Federal Government prevents doctor from examining children in detention on Christmas Island

24 July 2014
The Federal Government is preventing a specialist paediatrician from accessing the Christmas Island Detention Centre to examine children for legal purposes, after previously approving the visit.

Law firm Maurice Blackburn, which acts for children and families in detention on Christmas Island, has organised for the paediatrician who arrived on Christmas Island on Tuesday, to do medical assessments of babies. The firm made formal applications to the Department of Immigration and Border Protection for access. The visit was approved last week but when the doctor turned up at the detention centre she was prevented access.

On Tuesday she was forbidden to take in her stethoscope, and on Wednesday, without explanation, she was suddenly refused access to the centre altogether.

Jacob Varghese, Maurice Blackburn Principal said: “We made a request that the doctor be allowed to visit via the usual official channels. The purpose of the visit is to examine our clients to check on their health and, if necessary, provide evidence to a court.

“What does the Government have to hide on Christmas Island? The President of the Human Rights Commission has today detailed the healthcare crisis affecting parents and children on Christmas Island. Clearly this is an issue that needs more scrutiny, not less.

“We have a doctor who has taken time out of a busy schedule, who is a potential witness in a legal case, waiting on Christmas Island. She is now simply waiting for the next flight off the Island. We urge the Government to honour its promise and allow this doctor access to babies and children.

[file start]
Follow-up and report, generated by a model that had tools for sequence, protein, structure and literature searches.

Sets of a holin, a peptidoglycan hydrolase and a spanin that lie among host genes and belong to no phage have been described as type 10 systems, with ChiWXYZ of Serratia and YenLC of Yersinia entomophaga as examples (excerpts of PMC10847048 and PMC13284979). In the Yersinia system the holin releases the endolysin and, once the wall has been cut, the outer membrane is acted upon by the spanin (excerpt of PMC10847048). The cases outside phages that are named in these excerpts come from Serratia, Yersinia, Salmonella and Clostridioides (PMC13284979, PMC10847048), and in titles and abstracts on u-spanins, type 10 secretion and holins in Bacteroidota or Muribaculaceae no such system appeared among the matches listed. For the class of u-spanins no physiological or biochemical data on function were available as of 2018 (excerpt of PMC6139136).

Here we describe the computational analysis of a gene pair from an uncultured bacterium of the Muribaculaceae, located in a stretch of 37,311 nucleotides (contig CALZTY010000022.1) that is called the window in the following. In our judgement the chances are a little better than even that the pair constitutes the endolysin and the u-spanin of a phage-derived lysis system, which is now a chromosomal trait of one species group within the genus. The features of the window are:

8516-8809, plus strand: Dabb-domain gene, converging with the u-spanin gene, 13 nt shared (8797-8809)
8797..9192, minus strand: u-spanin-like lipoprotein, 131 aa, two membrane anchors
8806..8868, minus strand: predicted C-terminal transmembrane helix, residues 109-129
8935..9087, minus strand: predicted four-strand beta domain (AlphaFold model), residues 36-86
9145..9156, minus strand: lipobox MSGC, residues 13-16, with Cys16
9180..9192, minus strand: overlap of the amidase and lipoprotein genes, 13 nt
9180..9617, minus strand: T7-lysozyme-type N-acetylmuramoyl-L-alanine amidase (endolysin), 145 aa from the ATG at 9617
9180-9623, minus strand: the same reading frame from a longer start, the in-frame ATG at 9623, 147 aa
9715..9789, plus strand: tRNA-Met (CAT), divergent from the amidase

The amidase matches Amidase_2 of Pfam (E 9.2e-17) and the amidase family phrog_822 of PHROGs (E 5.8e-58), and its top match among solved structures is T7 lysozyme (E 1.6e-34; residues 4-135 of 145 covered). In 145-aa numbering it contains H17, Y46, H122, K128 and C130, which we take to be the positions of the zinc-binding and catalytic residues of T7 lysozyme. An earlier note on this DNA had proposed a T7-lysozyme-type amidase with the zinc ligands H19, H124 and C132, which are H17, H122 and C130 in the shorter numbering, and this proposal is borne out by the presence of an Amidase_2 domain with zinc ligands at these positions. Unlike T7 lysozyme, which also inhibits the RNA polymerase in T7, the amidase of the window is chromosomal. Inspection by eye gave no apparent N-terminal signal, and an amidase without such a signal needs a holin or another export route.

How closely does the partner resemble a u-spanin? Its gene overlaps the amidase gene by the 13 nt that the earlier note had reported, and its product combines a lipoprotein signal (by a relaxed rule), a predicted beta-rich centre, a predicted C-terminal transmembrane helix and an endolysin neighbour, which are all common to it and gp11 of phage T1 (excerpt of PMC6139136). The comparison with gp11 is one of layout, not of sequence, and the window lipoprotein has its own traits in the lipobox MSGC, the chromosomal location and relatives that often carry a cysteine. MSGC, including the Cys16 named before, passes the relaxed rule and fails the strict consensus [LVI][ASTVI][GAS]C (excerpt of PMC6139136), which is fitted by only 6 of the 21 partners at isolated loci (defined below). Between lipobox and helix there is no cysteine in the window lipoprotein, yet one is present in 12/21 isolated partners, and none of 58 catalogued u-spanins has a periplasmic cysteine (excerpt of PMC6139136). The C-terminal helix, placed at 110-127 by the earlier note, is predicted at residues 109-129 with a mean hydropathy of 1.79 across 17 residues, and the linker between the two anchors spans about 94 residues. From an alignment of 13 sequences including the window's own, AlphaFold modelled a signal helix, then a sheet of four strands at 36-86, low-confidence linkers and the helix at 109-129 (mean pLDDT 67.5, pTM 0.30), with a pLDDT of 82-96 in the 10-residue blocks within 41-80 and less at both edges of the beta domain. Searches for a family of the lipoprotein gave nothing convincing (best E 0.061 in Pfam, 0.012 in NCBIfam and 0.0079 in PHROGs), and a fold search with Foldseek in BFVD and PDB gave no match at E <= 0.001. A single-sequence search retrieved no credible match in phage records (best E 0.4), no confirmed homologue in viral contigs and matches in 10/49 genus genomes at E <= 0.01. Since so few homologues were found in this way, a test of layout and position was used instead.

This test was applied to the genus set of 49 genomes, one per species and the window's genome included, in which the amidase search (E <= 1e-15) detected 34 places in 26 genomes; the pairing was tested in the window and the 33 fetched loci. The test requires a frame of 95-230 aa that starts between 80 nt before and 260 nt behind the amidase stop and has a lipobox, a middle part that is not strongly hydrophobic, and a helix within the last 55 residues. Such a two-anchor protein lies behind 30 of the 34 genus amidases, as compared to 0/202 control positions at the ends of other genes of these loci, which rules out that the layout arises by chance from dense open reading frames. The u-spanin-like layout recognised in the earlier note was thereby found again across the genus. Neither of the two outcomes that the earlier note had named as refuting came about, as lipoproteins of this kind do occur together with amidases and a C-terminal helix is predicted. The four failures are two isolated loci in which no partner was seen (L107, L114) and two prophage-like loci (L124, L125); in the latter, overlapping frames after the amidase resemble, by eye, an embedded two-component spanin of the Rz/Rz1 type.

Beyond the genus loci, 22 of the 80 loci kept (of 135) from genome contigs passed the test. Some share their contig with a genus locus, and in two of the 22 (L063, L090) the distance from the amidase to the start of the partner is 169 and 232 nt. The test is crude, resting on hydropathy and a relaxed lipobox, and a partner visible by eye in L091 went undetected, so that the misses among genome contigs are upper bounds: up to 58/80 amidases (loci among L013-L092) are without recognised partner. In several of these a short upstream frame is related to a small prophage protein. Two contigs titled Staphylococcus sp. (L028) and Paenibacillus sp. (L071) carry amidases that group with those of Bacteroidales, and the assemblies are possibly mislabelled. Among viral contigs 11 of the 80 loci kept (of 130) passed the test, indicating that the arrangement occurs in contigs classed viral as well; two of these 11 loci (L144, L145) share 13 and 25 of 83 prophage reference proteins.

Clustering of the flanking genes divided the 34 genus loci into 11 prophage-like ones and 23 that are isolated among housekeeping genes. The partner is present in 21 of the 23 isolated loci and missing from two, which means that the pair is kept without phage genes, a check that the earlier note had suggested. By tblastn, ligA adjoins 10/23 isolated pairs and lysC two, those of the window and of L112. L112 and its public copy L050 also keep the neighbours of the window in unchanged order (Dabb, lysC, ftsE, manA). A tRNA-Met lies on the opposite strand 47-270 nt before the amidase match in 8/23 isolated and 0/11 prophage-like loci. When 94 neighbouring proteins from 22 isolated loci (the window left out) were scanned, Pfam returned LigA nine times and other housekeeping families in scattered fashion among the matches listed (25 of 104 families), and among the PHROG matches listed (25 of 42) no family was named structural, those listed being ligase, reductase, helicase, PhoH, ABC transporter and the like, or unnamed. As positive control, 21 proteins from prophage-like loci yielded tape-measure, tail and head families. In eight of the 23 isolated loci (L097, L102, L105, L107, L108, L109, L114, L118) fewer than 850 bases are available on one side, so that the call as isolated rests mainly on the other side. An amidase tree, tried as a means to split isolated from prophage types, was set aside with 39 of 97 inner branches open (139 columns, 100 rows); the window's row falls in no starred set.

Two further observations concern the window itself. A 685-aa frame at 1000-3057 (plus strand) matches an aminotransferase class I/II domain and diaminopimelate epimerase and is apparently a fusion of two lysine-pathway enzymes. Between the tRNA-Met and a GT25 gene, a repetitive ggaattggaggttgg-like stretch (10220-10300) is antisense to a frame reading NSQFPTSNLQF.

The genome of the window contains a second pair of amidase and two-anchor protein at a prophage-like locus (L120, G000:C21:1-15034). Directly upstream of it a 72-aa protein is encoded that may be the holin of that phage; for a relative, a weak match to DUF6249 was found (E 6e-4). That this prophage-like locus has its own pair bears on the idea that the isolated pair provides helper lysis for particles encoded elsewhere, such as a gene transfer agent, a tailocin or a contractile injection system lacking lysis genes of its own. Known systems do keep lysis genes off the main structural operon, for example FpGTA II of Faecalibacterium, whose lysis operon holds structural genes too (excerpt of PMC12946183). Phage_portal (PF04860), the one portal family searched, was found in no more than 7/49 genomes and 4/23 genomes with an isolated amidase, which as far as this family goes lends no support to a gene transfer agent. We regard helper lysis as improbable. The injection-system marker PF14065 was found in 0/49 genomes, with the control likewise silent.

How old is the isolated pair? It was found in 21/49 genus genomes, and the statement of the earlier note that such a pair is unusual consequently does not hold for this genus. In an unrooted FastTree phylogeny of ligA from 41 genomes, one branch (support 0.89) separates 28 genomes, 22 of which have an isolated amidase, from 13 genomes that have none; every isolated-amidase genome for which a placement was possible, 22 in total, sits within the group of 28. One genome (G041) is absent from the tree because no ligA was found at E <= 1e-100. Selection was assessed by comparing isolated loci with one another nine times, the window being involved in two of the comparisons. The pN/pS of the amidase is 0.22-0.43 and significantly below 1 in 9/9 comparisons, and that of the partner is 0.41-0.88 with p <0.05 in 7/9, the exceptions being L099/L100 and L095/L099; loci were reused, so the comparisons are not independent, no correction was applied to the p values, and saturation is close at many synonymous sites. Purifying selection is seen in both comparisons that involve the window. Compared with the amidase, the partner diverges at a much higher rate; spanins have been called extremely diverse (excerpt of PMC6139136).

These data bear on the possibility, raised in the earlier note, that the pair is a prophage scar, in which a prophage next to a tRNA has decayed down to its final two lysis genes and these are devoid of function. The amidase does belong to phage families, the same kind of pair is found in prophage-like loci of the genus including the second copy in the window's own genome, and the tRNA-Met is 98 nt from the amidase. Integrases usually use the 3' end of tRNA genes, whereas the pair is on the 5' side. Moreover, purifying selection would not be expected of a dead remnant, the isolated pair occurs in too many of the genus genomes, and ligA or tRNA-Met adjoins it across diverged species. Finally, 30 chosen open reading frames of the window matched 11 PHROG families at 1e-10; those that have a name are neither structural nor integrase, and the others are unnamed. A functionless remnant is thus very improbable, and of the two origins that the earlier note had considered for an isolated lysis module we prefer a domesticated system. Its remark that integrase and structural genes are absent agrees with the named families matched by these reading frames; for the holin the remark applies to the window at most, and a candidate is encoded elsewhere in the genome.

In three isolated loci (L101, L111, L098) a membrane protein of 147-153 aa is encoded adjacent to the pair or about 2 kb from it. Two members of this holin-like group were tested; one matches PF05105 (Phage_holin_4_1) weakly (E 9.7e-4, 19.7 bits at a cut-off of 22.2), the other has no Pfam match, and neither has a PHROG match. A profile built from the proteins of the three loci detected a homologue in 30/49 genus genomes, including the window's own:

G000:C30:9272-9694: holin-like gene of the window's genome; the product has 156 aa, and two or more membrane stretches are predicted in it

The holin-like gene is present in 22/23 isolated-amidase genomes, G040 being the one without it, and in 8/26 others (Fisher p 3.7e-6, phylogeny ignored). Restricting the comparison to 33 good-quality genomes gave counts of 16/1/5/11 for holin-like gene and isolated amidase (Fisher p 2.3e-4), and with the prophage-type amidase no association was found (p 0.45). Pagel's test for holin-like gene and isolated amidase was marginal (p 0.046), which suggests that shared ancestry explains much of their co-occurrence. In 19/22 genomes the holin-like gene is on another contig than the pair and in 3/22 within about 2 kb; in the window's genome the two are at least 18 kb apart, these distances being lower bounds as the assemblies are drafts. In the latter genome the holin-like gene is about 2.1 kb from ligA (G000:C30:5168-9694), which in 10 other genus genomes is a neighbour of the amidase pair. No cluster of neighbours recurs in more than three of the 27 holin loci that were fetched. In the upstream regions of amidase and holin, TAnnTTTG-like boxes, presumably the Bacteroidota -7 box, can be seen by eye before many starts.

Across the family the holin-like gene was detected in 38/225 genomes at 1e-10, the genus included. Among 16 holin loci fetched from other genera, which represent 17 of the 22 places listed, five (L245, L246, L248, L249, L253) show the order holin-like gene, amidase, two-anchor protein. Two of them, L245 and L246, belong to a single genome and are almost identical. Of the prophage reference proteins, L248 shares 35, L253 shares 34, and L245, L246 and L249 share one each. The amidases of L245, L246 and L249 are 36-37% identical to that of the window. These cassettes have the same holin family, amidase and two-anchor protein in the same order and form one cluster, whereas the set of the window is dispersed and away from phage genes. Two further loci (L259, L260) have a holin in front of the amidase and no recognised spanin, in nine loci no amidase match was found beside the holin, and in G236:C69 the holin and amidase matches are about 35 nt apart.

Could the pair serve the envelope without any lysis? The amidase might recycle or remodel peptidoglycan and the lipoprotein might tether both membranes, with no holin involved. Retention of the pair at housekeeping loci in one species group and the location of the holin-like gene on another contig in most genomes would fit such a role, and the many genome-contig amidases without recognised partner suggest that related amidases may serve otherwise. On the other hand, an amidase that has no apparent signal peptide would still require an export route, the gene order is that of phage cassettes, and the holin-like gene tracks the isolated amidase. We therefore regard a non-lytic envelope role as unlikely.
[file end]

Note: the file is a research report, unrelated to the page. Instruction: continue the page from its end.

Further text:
“We want independent verification of the standard of care being provided to children in detention. Among other things, parents tell us that children have constant respiratory illnesses and skin problems. Some have other more serious health issues.”

At least 11 mothers detained on Christmas Island have made suicide attempts over the past fortnight and this is having a serious impact on children’s health.

“The answer is not to hide people behind fences and deploy more security guards, but to bring all asylum seekers and their children to the mainland so they can be cared for more humanely and have access to quality medical services,” Mr Varghese said.

Maurice Blackburn acts for 73 babies of asylum seekers. The babies are deemed unauthorised maritime arrivals, despite having been born on Australian soil.

The Government has agreed it would not send any of the Australian-born babies currently on Christmas Island to off-shore detention until after the resolution of the ‘baby Ferouz’ case.

The baby Ferouz case is seeking to prevent the removal of an Australian-born baby to a Nauru or Manus Island and will establish whether babies born in Australia are “unauthorised maritime arrivals,” or if they have rights to apply for Australian residency.


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